ConocoPhillips Posts 4Q Income of $1.02B


Friday, January 30th 2004, 12:00 am
By: News On 6


HOUSTON (AP) _ Higher oil and natural gas prices helped ConocoPhillips, the nation's third-largest oil company, swing to a $1.02 billion profit in the fourth quarter.

Net income of $1.48 per share during the final three months of 2003 compared with a net loss of 63 cents per share, or $428 million, in the same period of 2002, when the company reported merger-related charges of $1.16 billion.

Revenues for the quarter were $26 billion, compared with $23.5 billion a year ago.

Income from continuing operations for the quarter was $985 million, or $1.43 per share. On this basis, analysts surveyed by Thomson First Call anticipated the company to report earnings of $1.43 per share.

The company produced 1.61 million barrels-of-oil-equivalent per day, a slight drop from 1.62 million per day in the fourth quarter 2002.

But exploration and production income from continuing operations jumped to $991 million from $808 million in the year-ago period primarily because of higher crude oil and natural gas prices and international tax benefits in the fourth quarter, the company said. The company's average worldwide sales price for oil in the fourth quarter was $27.24 per barrel, and for natural gas it was $4.07 per 1,000 cubic feet. In the United States, ConocoPhillips sold natural gas, on average, for $4.27 per 1,000 cubic feet.

The company's refineries ran at 94 percent capacity for the quarter and refining margins were up from a year ago.

``Operationally, we performed well overall during the fourth quarter, and there remains opportunity for improvement,'' said Jim Mulva, ConocoPhillips' president and chief executive officer.

Fadel Gheit, an analyst with Fahnestock & Co., said ConocoPhillips scored a ``strategic coup'' by agreeing to sell 795 service stations to a subsidiary of Lukoil, Russia's No. 2 oil producer, for $266 million in one of two sale deals announced Tuesday. ConocoPhillips has been in talks with Lukoil on a proposed joint venture to tap Russian oilfields.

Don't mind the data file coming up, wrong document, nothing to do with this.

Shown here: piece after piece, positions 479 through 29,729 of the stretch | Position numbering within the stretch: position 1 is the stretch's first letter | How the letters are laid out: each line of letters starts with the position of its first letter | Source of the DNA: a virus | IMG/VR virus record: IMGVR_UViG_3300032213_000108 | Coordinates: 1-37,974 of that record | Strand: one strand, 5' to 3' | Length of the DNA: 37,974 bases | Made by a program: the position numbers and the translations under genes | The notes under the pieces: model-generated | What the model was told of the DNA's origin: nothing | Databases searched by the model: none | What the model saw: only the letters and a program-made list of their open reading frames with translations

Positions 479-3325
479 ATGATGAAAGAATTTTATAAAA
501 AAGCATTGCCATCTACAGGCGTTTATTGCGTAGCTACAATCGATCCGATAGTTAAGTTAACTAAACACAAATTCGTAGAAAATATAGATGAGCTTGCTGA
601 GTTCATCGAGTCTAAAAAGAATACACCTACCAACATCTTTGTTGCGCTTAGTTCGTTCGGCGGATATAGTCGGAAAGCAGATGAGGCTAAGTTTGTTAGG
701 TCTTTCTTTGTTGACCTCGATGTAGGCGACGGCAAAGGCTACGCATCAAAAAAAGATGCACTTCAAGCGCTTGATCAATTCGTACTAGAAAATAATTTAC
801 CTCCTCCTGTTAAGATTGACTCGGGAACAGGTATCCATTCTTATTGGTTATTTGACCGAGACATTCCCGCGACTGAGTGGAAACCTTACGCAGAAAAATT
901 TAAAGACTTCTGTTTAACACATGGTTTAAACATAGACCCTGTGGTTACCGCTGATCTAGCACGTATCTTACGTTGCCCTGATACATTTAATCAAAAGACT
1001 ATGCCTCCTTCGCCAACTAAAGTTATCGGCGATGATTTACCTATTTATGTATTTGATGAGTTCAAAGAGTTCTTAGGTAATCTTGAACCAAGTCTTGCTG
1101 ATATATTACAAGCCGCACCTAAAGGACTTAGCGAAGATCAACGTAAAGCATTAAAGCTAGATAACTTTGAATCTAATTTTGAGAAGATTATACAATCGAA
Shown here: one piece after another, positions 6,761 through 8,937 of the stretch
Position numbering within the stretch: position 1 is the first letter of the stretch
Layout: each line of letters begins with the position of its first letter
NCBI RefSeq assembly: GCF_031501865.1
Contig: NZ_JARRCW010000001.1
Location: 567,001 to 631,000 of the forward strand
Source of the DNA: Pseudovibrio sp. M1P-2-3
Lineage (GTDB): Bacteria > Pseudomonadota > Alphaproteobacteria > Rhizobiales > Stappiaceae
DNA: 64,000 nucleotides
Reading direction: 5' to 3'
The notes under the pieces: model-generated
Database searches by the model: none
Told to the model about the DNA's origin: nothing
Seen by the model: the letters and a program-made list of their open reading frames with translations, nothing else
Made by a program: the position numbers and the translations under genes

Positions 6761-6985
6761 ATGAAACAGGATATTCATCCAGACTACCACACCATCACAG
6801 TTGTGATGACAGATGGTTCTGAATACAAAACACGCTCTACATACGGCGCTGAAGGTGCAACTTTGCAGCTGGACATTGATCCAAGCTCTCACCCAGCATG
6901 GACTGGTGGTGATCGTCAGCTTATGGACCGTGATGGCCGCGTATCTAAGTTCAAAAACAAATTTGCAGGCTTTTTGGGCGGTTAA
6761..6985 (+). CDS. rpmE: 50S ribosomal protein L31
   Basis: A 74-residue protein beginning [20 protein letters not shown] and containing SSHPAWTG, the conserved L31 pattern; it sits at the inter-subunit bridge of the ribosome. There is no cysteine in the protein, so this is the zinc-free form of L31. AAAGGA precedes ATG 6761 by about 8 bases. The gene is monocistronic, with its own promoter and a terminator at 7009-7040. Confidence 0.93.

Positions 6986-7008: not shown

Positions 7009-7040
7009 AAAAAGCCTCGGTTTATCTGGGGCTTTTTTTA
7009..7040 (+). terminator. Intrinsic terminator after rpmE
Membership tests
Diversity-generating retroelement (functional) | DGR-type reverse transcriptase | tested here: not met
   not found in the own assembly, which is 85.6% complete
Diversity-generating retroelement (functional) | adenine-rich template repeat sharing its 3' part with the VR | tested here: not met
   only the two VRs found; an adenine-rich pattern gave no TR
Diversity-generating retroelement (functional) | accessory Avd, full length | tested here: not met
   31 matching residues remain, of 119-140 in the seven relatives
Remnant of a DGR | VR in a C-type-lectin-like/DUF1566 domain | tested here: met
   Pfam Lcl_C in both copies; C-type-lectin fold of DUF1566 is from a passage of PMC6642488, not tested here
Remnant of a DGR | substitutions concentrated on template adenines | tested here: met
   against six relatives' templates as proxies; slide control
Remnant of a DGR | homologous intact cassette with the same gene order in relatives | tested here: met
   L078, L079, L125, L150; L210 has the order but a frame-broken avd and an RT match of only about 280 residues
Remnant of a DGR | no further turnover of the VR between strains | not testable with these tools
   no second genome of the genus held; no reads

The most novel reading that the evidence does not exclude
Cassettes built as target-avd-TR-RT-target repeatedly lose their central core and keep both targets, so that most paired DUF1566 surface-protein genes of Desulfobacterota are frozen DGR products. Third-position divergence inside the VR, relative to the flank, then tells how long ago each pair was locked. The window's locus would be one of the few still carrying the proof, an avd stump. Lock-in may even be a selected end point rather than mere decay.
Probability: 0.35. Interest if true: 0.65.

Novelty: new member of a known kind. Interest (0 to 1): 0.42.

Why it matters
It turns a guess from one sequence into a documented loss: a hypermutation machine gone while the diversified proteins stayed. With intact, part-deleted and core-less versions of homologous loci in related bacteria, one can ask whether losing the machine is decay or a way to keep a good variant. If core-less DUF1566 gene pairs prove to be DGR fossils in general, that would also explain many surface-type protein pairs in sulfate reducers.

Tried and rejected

Gheit said the deal brought ConocoPhillips closer to Lukoil and ``will bring ConocoPhillips closer to government officials and make life much easier on them.''

In the second deal announced Tuesday, ConocoPhillips will sell 385 service stations to Philadelphia-based Sunoco Inc. for $187.4 million. Both deals are expected to close in the second quarter this year.

Mulva told analysts Wednesday the company has sold $3.4 billion in assets since the merger and expects to sell another $1 billion this year. But the merger-driven asset sales have been largely completed, he said. Mulva added the company is unlikely to turn its focus from debt reduction to acquisitions in the near future other than seeking joint ventures.

Wednesday's results represented the first year-to-year comparison of quarterly earnings since Conoco Inc. merged with Phillips Petroleum Co. in August 2002.

However, the Houston-based company's full-year 2003 results are compared to eight months of results for Phillips in 2002 and results of the combined company for the last four months of that year.

For 2003, net income was $4.73 billion, or $6.91 per share, compared to a net loss of $295 million, or 61 cents per share, in 2002. Income from continuing operations for 2003 was $4.59 billion, or $6.70 per share, compared to $698 million, or $1.44 per share, in the prior year. Revenues for 2003 were $105.1 billion, compared to $57.2 billion in 2002.

The company ended the fourth quarter 2003 with $17.8 billion in debt, which was reduced by $4.8 billion throughout the year.